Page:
Gov. Greg Gianforte speaks at a press conference in Helena on August 24, 2021 (Arren Kimbel-Sannit/The Daily Montanan)
Gov. Greg Gianforte has appointed Belgrade judge Andrew Breuner to fulfill a judicial vacancy in Gallatin County District Court, the governor’s office announced on Wednesday.
The vacancy filled by Breuner was created by the legislature’s addition of a district judge position to the Eighteenth Judicial District this past legislative session.
“Andrew Breuner is a talented attorney who will make an exceptional judge in the Eighteenth Judicial District,” Gov. Gianforte said in a press release. “He is committed to the fair, consistent, and objective application of the law, and I’m confident he’ll serve Gallatin County well by interpreting laws, not making them from the bench.”
Since 2015, Breuner has served as city judge for the Belgrade City Court of Record and before that worked in private practice in Gallatin County for 15 years. He has also been an adjunct professor at Montana State University since 2019.
Breuner, one of four applicants for the job, earned his law degree from Santa Clara University School of Law in 1993. He also attended high school and undergrad in California.
Since moving here in 2002, Breuner said in his application that he has served on the boards of the Petra Academy and Love in the Name of Christ, two organizations heavily tied to Gianforte and the Gianforte Family Foundation.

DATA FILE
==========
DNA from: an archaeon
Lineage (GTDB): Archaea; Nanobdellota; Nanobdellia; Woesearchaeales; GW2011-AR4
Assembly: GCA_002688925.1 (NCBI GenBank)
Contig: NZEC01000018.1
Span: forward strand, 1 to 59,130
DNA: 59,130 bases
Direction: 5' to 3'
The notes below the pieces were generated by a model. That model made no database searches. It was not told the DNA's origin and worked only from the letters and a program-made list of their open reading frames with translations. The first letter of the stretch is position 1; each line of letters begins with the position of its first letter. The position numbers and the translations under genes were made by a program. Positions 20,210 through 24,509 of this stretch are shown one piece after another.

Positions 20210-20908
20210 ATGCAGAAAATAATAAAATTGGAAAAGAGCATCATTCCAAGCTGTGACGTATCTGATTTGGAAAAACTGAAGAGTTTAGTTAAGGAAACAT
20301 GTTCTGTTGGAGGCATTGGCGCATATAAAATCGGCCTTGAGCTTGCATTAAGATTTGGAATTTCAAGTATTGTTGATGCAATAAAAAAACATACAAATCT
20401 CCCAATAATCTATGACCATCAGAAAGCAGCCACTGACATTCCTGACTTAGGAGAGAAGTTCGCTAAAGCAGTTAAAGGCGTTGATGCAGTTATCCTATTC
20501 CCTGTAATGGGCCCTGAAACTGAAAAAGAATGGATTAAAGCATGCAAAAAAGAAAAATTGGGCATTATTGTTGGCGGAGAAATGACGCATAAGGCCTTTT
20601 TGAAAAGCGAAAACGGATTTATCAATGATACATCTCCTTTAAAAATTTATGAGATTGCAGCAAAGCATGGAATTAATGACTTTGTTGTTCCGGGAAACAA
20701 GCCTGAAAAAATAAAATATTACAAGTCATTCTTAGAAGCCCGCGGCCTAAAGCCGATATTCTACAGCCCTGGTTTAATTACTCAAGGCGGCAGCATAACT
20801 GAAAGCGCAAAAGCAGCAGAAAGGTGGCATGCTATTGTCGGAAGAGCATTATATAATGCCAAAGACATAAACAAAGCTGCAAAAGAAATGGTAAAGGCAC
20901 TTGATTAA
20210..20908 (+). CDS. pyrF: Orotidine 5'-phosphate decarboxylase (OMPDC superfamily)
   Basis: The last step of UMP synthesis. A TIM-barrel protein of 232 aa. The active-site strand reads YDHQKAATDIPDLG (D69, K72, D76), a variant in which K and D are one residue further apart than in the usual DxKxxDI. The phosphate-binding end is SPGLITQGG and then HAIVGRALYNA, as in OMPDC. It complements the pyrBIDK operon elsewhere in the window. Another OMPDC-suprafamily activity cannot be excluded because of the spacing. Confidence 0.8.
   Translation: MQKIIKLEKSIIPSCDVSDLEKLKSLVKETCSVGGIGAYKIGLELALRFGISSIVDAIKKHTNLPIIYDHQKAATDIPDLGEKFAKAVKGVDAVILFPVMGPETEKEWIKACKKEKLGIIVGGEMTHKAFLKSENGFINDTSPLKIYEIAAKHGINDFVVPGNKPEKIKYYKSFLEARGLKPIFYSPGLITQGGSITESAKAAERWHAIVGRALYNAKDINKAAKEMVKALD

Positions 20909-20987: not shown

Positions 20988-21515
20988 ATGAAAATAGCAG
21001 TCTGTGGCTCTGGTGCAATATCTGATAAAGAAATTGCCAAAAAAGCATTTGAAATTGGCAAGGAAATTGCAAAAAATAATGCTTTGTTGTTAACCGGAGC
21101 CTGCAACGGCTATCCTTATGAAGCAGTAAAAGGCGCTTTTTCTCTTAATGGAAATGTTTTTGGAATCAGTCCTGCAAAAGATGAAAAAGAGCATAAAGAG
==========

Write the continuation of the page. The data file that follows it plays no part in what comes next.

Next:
Gianforte has served as the chair and his foundation has donated more than $10 million to Petra Academy, a religious private school in Bozeman. The foundation has also donated around $3 million to Love In the Name of Christ, a national organization with local chapters that bring churches together for community service work.
The governor’s office did not respond to an email asking if Breuner’s involvement on the board’s swayed his decision.
Breuner will be the third judge appointed by Gianforte under a new process established during the last legislative session that abolished the Judicial Nominating Commission and gave the governor the power to select appointees directly.
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